Senate panel backs Lake Michigan wind study

SPRINGFIELD — In what was described as a first step toward developing wind energy in Lake Michigan, an Illinois Senate committee approved legislation authorizing a study to determine the best locations for wind projects in the lake.

The bill calls for an in-house study by the Illinois Department of Natural Resources, possibly including universities and other agencies, to determine the best sites for lakebed wind turbines.

The study is expected to take at least two years. Officials offered no cost estimate.

The Senate Energy Committee approved HB 2753 by 12-0, with three Republicans, including Sen. Dale Righter, R-Mattoon, voting present. Sen. Mike Frerichs, D-Champaign, voted for the bill.

The measure is sponsored by Sen. Daniel Biss, D-Evanston. It now goes to the full Senate for consideration.

"It simply directs the department to do a study to determine which parts are favorable, which are unfavorable, which are intermediate, and it begins to lay the groundwork for a permanent process, should we get to a place where there are prospective projects that ready to go," Biss said.

The Department of Natural Resources, which would do the study with its own funds, supports the study.

"This is the next step in what is probably a long series of steps as we thoroughly evaluate and consider whether offshore wind is appropriate in Lake Michigan," the department's Todd Rettig told the committee. "All of these early steps are necessary to make sure that we're looking at all the issues, that we're not rushing into any decisions that all of the different stakeholder groups, from the shipping industry, the recreational and commercial fishing industries, the communities along the lakeshore, conservation organizations, all have plenty of opportunity to evaluate the issues and identify concerns."

Biss said he didn't believe the "economics of this make sense right now," but that "the field is changing rapidly. It is changing internationally and domestically, in states like Ohio, for instance, and also, famously, like Massachusetts."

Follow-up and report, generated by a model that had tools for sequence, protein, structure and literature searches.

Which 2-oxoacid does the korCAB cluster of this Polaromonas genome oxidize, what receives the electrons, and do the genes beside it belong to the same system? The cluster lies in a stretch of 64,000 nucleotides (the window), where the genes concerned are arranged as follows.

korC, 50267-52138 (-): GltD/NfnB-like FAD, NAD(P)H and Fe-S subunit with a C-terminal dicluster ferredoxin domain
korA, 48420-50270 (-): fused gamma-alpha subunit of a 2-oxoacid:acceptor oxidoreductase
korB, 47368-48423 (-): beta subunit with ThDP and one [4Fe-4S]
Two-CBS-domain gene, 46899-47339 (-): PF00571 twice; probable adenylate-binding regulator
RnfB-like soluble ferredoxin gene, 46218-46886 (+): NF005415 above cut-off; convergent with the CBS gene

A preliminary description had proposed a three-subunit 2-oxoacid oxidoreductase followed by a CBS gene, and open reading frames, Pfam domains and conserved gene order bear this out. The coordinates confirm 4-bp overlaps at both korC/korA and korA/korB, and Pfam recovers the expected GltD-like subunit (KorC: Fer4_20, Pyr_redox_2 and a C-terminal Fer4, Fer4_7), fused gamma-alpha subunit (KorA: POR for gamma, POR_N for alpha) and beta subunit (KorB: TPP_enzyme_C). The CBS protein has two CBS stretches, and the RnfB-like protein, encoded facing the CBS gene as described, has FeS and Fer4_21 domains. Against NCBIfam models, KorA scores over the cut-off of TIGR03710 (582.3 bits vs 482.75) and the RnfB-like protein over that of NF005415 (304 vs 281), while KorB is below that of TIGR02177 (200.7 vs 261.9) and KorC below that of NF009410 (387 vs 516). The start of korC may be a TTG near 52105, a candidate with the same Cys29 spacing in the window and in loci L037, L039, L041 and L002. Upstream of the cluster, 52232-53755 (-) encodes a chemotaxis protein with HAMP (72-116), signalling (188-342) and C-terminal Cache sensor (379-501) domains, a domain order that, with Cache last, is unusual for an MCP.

In Massachusetts, vocal opposition stopped a proposed wind farm development south of Cape Cod.

Biss said he believed it would be "10, 15 years for now" before there would be turbines in the lake, and that they would be at least 6 miles offshore, "and therefore barely visible from shore."

But he urged his colleagues not to block a growing industry.

"What I would be concerned about, if we didn't go forward, is that we'd be sending a strong signal to those who are making investment decisions on the research and also on the manufacturing side that this is just not a place where there is any hope, any future, in this," Biss said. "What we do, if we don't pass this bill, is we shut off an entire industry."

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SocialinPurple wrote on May 10, 2013 at 8:05 am

I'd much rather the state spend its energy in courting RENEWABLE energy companies over dirty natural gas companies.
I am ashamed that Naomi Jakobsson is one of the leading co-sponsors for the dirty industry-favored fracking bill.

Danno wrote on May 10, 2013 at 2:05 pm

'The study is expected to take at least two years. Officials offered no cost estimate.'

Not offered because they don't know? Or, not offered because politicos are too busy working legislation to kill any FOIA in the near future?

Yeah, a politician with an imaginary sense of a '10-15' year implementation, let alone what (?)...a 30-50 year Return on Investment?

Daily Northwestern

Illinois Senator Biss talks state budget at Political UnionTuesday, March 05, 2013

"Things suck."
That’s what State Sen. Daniel Biss (D-Evanston) repeated during a round table discussion Monday night.
The Northwestern University Political Union invited Biss to join a group of 16 students for the discussion in the Roberta Buffett Center. Biss, who discussed the current political climate regarding recent developments such as gun control and marriage equality, also tackled what he considered a “catastrophic wreck”: the Illinois state budget.
“We’re sitting on nearly a hundred billion dollars of debt,” Biss said. “Because of that, we’re shredding the network of services that the state should, and needs to, provide that citizens rely on while having to watch their taxes go up and the pile of bills increase.”
He said a big portion of the problem came from pension funds. Under a pension system, an employee regularly pays a percentage of their salary to the employer, who must then provide monetary installments usually upon the employee’s retirement. Unfortunately, because it is difficult to predict various factors like mortality or investment return rates, employers are often unwilling or unable to fulfill their responsibilities, Biss said.

So, 'Things suck' to 'no offered cost estimate' of a 2+ year wind farm study?!